Dreaming of supply chain automation
However, DeLuca says that Merck is “far from that” state of automation, a caveat that has credence when you consider recent research from McKinsey Institute. The researcher says that although half of today’s work activities could be automated with current technologies it may not happen until 2055.
De Luca says Merck is working closely with FusionOps to test machine learning capabilities in its supply chain, as well as a voice-activation feature that allows him to have updates about service, demand and inventory read to him aloud by the software. He says this shaves hours off of the time it takes to read scores of FusionOps reports, which are based on millions of data points. He expects to launch this prototype into production in a couple months.
Merck’s analytics partnerships with Palantir and FusionOps underscore the company's recognition that it needs to work more closely with technology vendors to drive innovation. "We need to partner with Silicon Valley firms," De Luca tells CIO.com. "Before it was make or buy the best solution. Now it's about what we can develop together."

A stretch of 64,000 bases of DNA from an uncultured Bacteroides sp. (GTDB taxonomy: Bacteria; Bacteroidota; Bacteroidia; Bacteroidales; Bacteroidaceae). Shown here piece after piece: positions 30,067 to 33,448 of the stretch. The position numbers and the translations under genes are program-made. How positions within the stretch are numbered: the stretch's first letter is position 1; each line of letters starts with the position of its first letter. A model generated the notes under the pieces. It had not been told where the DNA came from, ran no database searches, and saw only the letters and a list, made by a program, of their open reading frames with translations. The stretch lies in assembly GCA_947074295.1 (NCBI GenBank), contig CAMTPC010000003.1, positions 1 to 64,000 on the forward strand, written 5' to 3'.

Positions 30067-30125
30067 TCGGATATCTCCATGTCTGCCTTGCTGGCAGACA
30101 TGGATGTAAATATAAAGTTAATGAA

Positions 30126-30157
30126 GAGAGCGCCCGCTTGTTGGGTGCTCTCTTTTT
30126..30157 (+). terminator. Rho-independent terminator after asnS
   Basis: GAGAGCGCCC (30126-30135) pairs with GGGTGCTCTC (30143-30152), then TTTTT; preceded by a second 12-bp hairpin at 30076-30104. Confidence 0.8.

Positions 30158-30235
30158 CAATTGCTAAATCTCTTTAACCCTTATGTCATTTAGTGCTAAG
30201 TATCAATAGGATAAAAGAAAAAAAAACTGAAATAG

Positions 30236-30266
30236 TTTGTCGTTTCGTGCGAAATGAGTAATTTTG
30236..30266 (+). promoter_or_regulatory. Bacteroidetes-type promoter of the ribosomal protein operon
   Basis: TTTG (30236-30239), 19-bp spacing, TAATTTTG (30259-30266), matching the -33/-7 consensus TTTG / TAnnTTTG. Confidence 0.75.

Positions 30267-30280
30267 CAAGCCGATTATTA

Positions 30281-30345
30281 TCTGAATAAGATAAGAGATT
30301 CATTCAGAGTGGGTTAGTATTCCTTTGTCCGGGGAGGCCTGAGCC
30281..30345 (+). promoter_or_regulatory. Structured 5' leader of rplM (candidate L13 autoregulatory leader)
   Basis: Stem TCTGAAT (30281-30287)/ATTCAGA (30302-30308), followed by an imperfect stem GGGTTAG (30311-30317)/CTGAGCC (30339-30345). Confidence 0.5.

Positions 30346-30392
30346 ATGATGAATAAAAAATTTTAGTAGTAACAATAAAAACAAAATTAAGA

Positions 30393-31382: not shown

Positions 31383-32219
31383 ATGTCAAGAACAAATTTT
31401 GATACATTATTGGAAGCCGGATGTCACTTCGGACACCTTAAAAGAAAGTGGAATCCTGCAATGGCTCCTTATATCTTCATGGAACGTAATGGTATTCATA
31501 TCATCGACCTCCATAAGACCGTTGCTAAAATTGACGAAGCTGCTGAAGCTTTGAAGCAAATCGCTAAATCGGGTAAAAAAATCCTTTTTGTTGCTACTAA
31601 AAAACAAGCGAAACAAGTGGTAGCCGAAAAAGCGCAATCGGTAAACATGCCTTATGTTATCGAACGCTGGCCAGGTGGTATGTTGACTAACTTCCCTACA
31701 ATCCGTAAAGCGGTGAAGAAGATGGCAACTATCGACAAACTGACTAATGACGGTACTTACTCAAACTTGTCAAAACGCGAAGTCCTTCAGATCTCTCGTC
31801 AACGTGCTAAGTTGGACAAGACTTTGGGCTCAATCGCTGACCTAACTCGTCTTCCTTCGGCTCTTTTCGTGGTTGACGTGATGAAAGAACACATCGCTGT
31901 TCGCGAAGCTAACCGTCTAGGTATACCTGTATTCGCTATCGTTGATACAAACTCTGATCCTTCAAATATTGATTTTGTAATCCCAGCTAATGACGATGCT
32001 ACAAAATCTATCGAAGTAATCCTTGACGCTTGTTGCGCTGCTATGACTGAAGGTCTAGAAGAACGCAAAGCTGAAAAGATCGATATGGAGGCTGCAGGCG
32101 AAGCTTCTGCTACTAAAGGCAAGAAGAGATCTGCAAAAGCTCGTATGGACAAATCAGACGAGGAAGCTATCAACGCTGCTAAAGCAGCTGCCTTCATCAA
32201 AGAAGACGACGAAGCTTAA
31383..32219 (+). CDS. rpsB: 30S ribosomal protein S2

Merck’s selection of Palantir is curious. Despite Palantir’s reputation for gleaning high-quality insights from data – particularly among the cybersecurity sector – there isn’t a software vendor more polarizing. The company, co-founded by Trump transition adviser Peter Thiel, has strong ties to U.S. intelligence agencies that use its analytics software to monitor people.
Documents uncovered by The Verge in December show that it has created a system for the U.S .Customs and Border Protection Agency to track and assess immigrants.
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